Friday, 4 August 2017

Guest DJ set, Recordsville, Stockport, Friday 11 August

The Shrieking Violet is teaming up with Steve Hanson for a guest DJ set (vinyl only!) at indie-pop night Recordsville Social.

Recordsville is taking place at Seven Miles Out (opposite Stockport market) on Friday 11 August from 8pm-12am. Free entry!

For more information see the Facebook event.

Friday, 7 July 2017

Review: Available Light, Manchester International Festival

Someone once said that writing about music is like dancing about architecture, to convey the absurdity of arbitrarily juxtaposing two very different forms of creative expression. Available Light is not quite dancing about architecture, but it shows what can happen when an architect, a composer and a choreographer collaborate outside of their unusual comfort zones.

In Available Light Frank Gehry’s sparse, architectural stage design sets the scene for Lucinda Childs’ choreography and John Adams’ modern classical score. Dominated by a huge chainlink fence and raised platform, the setting brings to mind several places familiar from American pop culture: the sidewalk, the bleachers of a sports event, or a seaside pier, sitting atop exposed, crisscrossed supports. Though simple, it plays a key part in the performance, bathed with stark light and silhouetting the stage.
It’s hard not to think of bathers when viewing Childs’ lithe dancers, in their skimpy, figure-hugging costumes; their regimented movements recall synchronised swimmers or the discipline of early morning communal exercisers. At times, they stand still, resembling Anthony Gormley’s rows of figures looking out to sea at Crosby beach. At other times they swarm, reminiscent of a flock of birds. One of the best moments comes after a brief caesura suggesting nightfall; the dancers are lit as if by moonlight, drawing the eye to follow their flitting shadows rather than the movements themselves.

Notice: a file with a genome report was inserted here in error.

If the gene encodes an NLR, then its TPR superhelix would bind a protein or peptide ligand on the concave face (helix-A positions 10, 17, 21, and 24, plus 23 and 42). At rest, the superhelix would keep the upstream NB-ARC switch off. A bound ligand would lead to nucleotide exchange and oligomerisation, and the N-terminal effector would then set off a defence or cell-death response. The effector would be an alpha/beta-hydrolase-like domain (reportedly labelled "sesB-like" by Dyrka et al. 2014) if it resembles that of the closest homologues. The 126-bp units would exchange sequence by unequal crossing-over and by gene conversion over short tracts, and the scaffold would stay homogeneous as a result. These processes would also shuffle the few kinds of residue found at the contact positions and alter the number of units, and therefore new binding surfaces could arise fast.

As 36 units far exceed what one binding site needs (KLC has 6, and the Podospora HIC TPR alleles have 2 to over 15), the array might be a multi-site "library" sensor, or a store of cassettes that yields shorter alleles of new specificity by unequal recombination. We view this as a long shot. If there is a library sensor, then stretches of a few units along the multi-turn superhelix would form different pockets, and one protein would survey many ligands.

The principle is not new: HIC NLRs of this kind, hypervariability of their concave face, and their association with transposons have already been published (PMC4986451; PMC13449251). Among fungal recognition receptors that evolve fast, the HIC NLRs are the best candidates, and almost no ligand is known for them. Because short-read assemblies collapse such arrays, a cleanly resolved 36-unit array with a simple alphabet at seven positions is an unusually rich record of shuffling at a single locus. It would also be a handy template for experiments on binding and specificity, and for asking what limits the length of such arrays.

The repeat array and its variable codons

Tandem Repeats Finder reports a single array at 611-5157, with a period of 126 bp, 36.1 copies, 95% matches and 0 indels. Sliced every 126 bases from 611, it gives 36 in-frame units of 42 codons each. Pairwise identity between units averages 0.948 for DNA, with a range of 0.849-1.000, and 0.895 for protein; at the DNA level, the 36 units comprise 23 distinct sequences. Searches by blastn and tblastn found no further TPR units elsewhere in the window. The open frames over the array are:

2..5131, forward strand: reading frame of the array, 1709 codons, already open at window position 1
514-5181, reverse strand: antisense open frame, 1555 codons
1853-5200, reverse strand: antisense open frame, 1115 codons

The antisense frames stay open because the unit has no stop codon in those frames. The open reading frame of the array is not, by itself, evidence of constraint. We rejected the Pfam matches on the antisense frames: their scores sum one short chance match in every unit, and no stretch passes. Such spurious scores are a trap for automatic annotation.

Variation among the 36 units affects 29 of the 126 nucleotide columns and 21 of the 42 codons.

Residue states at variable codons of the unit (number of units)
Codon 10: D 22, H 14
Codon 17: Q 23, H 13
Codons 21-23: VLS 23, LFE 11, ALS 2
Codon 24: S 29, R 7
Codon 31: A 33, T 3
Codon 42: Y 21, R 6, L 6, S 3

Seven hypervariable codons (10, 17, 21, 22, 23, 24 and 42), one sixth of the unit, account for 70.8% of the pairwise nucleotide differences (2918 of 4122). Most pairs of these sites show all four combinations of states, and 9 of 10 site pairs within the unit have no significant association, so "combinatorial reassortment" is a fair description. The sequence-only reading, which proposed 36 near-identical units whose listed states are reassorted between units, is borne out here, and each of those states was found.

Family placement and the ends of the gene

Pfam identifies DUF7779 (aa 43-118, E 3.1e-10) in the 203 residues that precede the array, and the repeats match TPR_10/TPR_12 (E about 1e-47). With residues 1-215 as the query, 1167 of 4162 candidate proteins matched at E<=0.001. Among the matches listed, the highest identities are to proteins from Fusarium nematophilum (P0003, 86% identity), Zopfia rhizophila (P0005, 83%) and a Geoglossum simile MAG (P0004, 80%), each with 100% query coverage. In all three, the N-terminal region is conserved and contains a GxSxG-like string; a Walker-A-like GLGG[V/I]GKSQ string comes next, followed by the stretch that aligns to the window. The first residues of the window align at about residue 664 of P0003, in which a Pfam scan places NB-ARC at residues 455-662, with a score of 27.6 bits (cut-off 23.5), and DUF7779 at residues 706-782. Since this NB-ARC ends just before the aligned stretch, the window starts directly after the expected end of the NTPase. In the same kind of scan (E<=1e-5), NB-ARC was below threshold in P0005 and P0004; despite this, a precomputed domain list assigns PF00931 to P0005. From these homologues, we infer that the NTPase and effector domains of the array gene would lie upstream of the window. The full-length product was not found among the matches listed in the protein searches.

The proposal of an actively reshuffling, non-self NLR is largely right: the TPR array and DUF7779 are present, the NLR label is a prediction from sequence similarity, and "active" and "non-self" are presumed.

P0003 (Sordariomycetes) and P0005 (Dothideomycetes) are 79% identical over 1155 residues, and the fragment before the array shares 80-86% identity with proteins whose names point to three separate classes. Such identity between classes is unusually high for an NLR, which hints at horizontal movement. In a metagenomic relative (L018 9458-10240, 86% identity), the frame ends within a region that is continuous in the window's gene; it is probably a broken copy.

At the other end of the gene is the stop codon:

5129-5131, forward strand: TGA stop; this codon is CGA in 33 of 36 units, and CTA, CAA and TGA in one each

John Adams’ effervescent, multilayered soundtrack steals the show. It swells and ebbs, sometimes muffled and distant as if emerging from underwater and at other times crowded with bright bursts and silvery toots. It suggests found sounds collaged from technology, work and nature, from radio broadcasts and typing to trilling telephones to the creaking of gates, the rumble of industry, the passage of boats, the murmuring of owls and the whining of the wind.
Like much of the best American art of the twentieth century (it was originally performed in 1983), Available Light takes its inspiration from life. It sounds and looks like the city. Though small in numbers, Childs’ performers suggest a crowd, incorporating everyday movements such as stretches, twirls and kicks. The dancers move towards each other and pass by, around and through, yet never meet, appearing to follow some unspoken but long-established rules of the street. 

Available Light is at the Palace Theatre, Manchester until Saturday 8 July. To book visit

Review: Last and First Men, Manchester International Festival

Deep in the former Yugloslavia are a series of strange, silent monuments known as spomeniks. Out of scale to their surroundings, many are remote, hidden and accessible only on foot. Commemorating long-forgotten battles and scenes of atrocity, they’ve been brought back into view for glossy, coffee table consumption by photographer Jan Kempenaers, who invites us to revel in their strangeness and unfamiliarity in picture book form as part of the aestheticisation of modern ruins.